Engen, Svartisen 66:42.590N 013:42.495E
Frans & Sarah Toonen
Sun 19 Jul 2015 13:07
|Sunday 19th July 2015. 16.9nm, no wind, plenty of rain. 3 engine hours. |
Yesterday we broke our journey from Landegode island to the glacier by overnighting at anchor in a tiny cove at Hopen, Mesøya island. We had covered 45.5nm sailing in E5 for a while before the wind abated and we had to motor for over 5 hours. Hopen was just big enough for us to swing and this was fine as nobody else turned up.
The Svartisen glacier is the second largest in mainland Europe and covers 370 square kms. It is unique in reaching the sea…well not quite nowadays but it did a couple of hundred years ago. The glacial arm reaching Engen is called Engabreen and there is a laboratory deep under the ice where many scientists carry out important research, not least, into global warming.
The ice looked closer than it was so it took a couple of hours to get up near it. The rocks were a mixture of all colours and textures and the route was marked to get the tourists through the small ravines and over the streams in one piece. Metal poles and ropes were provided on the steep sections. The route was no more than slodges of red paint and there was no clue whether it actually led to the ice or not. When the way got challenging we agreed that Sarah would stay exactly where she was and Frans would carry on to try and reach the ice and then come back exactly the same way……..duh!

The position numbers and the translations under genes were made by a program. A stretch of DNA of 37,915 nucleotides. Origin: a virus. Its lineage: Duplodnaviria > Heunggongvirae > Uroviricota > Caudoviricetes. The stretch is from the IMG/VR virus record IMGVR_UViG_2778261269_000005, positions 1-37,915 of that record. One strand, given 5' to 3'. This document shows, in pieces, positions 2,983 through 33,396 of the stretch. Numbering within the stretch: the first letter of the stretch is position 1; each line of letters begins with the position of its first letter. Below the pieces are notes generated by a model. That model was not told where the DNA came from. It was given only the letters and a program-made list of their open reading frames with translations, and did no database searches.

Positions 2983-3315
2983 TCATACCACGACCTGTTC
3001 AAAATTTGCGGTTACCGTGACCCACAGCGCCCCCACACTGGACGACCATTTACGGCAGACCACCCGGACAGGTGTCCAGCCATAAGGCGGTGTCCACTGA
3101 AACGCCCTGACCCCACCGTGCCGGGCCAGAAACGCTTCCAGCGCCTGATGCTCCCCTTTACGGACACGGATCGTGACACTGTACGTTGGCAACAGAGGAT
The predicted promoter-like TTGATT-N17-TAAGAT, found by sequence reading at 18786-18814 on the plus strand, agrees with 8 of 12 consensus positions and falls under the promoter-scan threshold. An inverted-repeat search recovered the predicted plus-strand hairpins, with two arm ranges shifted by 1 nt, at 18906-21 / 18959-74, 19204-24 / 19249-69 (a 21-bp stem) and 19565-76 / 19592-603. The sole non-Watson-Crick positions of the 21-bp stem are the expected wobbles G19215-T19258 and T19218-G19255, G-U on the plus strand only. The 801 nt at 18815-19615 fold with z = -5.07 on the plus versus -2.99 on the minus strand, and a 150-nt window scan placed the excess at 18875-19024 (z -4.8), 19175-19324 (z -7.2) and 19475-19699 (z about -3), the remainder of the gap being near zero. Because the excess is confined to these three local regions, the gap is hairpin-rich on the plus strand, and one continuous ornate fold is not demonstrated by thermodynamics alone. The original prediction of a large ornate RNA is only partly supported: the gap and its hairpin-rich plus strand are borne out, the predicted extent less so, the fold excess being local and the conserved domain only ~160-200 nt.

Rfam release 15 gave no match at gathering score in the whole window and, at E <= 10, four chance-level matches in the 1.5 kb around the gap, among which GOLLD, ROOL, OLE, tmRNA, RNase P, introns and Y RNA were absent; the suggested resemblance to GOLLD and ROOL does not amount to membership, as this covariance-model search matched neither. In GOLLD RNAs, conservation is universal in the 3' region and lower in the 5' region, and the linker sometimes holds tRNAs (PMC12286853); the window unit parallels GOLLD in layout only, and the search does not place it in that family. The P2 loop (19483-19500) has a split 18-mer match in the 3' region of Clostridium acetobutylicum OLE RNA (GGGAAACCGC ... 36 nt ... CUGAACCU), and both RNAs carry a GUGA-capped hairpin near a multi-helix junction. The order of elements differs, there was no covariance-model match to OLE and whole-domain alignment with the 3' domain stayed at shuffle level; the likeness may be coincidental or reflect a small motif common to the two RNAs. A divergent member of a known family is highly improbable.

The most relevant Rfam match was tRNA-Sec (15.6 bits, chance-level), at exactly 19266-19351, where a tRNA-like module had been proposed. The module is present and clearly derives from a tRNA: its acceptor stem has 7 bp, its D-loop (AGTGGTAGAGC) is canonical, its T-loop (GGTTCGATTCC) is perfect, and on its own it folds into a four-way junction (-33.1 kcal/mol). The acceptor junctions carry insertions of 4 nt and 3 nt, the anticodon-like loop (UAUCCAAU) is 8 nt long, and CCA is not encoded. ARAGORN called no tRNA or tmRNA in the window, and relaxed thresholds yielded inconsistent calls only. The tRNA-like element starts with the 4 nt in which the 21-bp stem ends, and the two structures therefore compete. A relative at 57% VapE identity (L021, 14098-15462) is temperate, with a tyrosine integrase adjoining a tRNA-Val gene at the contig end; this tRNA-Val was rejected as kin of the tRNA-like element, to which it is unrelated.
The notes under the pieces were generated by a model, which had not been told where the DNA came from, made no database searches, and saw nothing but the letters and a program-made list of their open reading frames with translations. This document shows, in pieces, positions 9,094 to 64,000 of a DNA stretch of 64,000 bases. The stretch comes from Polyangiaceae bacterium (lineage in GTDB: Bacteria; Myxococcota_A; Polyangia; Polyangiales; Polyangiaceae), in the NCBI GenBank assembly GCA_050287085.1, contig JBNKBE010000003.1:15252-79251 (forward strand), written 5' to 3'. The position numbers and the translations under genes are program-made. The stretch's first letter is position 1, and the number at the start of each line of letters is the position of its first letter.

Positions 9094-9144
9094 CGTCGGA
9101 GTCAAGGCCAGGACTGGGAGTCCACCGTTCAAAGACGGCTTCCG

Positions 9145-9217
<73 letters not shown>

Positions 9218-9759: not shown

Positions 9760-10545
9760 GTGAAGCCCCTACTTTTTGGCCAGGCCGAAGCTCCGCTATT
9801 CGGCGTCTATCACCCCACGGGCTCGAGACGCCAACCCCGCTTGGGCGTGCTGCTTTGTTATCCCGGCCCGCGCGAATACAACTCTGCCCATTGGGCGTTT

Frans found his way to the edge of the ice and the colour was amazing. To see the cracks and formations at close quarters was really special. Having reached the ice on the north side Frans followed it down and around to the lowest point thinking he was headed back to where he’d left his companion.
Meanwhile Sarah was getting rather cold standing around in the wind at a glacier in the Arctic Circle - well you would wouldn’t you? No sign of Frans coming down the path. When happening to glance way down below to the end of the ice she saw a person on it’s own moving like Frans. Too far to see any colour or detail and anyway Frans was up ahead. No indeed he was not so eventually he looked up and saw he had to climb back to the rendezvous.
Despite our little mishap we had a lovely day out and whilst we’d been away a massive cruise boat had anchored and was ferrying all the passengers ashore so they could walk to the cafe at the lake to admire the glacier from a mere 3 miles away. It’s a real tourist attraction.
Same view as from the galley looking out the port hole, Sarah didn’t mind cooking today.
All to ourselves
Solid ice, one doesn’t stand under an overhang.
When a cruise boat turns up it gets busy. Note the tiny boat with a British ensign.